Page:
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Microorganisms and Earth Systems—Advances in Geomicrobiology

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Abstract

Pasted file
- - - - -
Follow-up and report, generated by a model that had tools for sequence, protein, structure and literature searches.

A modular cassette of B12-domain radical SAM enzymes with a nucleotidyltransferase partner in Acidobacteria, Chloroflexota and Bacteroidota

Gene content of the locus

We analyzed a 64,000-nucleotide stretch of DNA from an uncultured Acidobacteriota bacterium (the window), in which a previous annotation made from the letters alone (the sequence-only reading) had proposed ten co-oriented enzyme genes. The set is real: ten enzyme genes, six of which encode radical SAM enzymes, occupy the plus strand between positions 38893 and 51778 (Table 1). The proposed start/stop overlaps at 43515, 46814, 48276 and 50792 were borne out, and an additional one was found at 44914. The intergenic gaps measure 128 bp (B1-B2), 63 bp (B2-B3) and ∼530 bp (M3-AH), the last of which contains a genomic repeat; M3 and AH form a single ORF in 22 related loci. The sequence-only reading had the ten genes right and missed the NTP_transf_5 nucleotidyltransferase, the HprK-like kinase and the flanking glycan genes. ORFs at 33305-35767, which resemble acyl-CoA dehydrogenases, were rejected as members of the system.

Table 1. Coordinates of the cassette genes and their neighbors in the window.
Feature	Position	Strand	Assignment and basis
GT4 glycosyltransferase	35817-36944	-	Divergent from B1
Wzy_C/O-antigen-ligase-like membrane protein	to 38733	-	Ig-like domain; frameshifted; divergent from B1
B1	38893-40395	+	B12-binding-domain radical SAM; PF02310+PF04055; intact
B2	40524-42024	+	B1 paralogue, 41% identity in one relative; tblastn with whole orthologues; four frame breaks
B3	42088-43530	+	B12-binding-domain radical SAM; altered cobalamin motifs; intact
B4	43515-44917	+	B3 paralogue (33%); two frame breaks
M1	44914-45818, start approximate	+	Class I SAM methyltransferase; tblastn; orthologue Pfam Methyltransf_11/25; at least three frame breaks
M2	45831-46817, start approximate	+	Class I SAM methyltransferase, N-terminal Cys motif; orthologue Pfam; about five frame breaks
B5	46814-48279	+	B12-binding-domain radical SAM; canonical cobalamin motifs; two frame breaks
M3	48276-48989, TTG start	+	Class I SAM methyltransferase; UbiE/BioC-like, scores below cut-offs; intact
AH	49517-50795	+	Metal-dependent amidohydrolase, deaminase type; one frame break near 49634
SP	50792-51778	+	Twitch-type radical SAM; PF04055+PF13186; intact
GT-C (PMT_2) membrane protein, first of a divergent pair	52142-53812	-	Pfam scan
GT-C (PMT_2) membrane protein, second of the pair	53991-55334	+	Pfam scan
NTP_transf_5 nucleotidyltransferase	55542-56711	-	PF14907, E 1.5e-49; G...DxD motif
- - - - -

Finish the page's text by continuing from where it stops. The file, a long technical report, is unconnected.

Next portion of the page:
Geomicrobiology is still in its infancy. It comprises a vast field of interconnected scientific subfields ranging from geology, chemistry, and physics to biology, especially microbiology. Traditional microbiology has relied on genetic and metabolic studies of pure cultures; however, only a fraction of the microorganisms from any environment are culturable, making culture-independent approaches necessary. These novel methods have propelled microbial ecology to become one of the most exciting areas of contemporary microbiology research. In parallel, geochemists realized that many important processes such as mineral and soil formation, global and local cycling of many elements, and metal transformations were mainly catalyzed by microorganisms. Many geochemists and soil scientists have relied on bulk measurements; essentially not studying the micro-environments where the reactions take place, but instead looking at the final result and treating these environments as a black box. Geomicrobiology was essentially created in an attempt to put these two developments together.

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